So there I was having these thoughts while trying once more to jam my abundant, comfortable, anonymous clothing into the dresser I had used since childhood and which my grandparents had used before me. It is a dresser that was built in the days when clothing meant something, so of course it is too small for what I own.

I began to have a radical thought. What if I owned no non-meaningful clothing? What if every item I owned was sacred, by accident, gift or creation? What would that be like?

I find myself excited by this idea. I think I could easily give away most of the clothing I own and be happier for it. I would say the proportion of my clothes that fit into the sacred category is no more than twenty percent. Why do I have all these other things? Why do I keep them? Why did I buy them? What would happen if I stopped buying meaningless clothes? I would have to wash clothes more often, but what of that? Washing clothes would itself become an act of meaning, a visit to friends instead of a mindless drudge. I nearly had a heart attack when I had to cut into my first woven fabric to fashion it into a pillow cover, and I wonder if the rise of mechanical washers went hand-in-hand with the rise of mass-produced clothing because people were willing to let meaningless clothes be ruined by the heavy hands of thoughtless machines. Certainly it is far more through washing than wearing that our clothes fall apart over time (try googling "washing machine ruining clothes" and you'll see what I mean). We take care of the things we love.

This brings to mind the book Material World. This amazing book shows something like twenty families from all over the world sitting in front of their houses with all of their belongings spread out around them. The juxtaposition I always remember is between a family in Texas with enough material goods to support a village and a family in Nepal with something like ten bowls, five hoes and a bedsheet. I'm exaggerating but you get the point. The first several times I looked over the images in this book I focused on the things and what they said about economic disparity. But now I find myself getting out the book again and looking for contextual conduits. Which objects link the people to other people, and which do not? It is probably impossible to tell, because who am I to know your context; but I do notice that the things people have in front of or close to them seem more meaningful to them than the things behind them. The Texas family holds their Bible proudly in front of them while the Nepalese display their metal bowls, which may be religious in nature, almost as mediating representations of themselves. As I look at these pictures I am finding I envy these people in proportion to how many possibly conduit-forming objects I see around them. My favorite photograph now is of a Guatemalen family proudly displaying their spinning wheel, two large looms, and entire family wardrobe of hand dyed, spun, woven wool. What wealth, what finery.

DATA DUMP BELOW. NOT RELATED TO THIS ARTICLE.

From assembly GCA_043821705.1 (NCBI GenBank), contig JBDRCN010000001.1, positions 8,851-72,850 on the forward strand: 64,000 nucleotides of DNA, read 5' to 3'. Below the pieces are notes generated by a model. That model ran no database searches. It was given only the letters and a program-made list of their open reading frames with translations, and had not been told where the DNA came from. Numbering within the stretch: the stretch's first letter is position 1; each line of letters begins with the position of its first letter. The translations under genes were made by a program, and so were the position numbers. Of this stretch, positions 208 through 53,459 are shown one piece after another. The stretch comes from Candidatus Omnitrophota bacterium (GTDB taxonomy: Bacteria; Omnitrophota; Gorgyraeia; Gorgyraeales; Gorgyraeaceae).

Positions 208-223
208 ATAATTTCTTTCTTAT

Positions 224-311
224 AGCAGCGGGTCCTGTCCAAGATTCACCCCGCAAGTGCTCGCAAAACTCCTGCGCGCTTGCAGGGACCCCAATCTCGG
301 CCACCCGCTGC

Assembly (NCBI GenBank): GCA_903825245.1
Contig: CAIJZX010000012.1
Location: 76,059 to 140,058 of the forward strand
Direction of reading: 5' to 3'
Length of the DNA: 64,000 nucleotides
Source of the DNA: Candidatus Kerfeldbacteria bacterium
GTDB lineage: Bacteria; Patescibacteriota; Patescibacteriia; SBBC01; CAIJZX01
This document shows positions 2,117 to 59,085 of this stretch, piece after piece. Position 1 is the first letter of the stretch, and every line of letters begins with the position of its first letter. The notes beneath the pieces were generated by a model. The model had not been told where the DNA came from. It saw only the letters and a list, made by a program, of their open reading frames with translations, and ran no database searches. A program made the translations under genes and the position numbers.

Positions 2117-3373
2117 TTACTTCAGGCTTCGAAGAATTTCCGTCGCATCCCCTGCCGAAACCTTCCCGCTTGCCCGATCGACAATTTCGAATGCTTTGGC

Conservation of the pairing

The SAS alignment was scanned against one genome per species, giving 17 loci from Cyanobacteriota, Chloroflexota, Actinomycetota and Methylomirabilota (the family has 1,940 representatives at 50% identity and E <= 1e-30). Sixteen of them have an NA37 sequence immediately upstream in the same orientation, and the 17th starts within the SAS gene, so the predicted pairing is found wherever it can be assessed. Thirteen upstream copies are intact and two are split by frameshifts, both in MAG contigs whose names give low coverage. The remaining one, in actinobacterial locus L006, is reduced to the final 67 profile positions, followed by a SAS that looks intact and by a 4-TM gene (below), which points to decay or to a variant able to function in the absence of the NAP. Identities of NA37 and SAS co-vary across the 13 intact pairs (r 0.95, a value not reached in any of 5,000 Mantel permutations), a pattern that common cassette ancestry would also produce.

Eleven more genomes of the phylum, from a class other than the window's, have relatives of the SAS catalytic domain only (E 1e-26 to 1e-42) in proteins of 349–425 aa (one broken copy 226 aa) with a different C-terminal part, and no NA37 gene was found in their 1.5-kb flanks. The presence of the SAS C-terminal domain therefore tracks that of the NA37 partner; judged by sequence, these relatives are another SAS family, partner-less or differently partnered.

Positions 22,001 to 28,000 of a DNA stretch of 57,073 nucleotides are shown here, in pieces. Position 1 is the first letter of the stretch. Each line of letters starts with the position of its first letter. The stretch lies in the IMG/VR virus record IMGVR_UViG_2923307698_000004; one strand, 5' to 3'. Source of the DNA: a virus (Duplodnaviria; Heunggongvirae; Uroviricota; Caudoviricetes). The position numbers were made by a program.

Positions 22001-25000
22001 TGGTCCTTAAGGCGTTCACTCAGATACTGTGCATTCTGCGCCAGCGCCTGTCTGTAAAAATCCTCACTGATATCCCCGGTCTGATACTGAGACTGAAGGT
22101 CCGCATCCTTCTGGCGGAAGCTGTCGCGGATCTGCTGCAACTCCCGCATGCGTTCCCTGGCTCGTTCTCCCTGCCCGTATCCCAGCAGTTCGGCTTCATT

What hypocrisy, you say. Yes, it's all fun and games when it's not your only option. I agree. Throw me into a mud hut and force me to grow my own things and I would surely pine for smooth sheets and a refrigerator. And it is surely ridiculous for a person who lives in a house with a floor, even a cracked linoleum one, to say anything about envying people who live in precarious, unsanitary conditions. But maybe we don't have to give up contextual wealth to gain financial wealth. That seems to be the bargain we are living under, but maybe our next utopia should be one where physical and social needs are met together. I am reminded of Ursula K. LeGuin's utopian novel Always Coming Home, which puts forth a vision of technology used but controlled within a moral framework that asks the difficult questions we put aside. I like the idea of society molding its use of technology to our needs rather than molding our needs to the available technology.

After this revelation at the dresser I found myself jumping over the wall of analogy into the land of stories. What would happen if I owned no non-meaningful stories? What if I cleared out my story dresser? What if every story I experienced was sacred, by accident, gift or creation? What would that be like? I don't know.

One issue that becomes immediately apparent when you start thinking about stories as opposed to clothes is that sacred stories are not always visible from the outside. It reminds me of one part in The Neverending Story about doors:
There are many doors to Fantastica. There are other such magical books. A lot of people read them without noticing. It all depends on who lays hands on the book.
Which stories are sacred is something you might only find out decades later, so if you pick and choose in advance you may miss what is most important. It's a hard question to answer. But certainly finding a way to build more stories yourself and buy fewer off the shelf would be a start. That leads me to consider ...

(This two-part post is continued here.)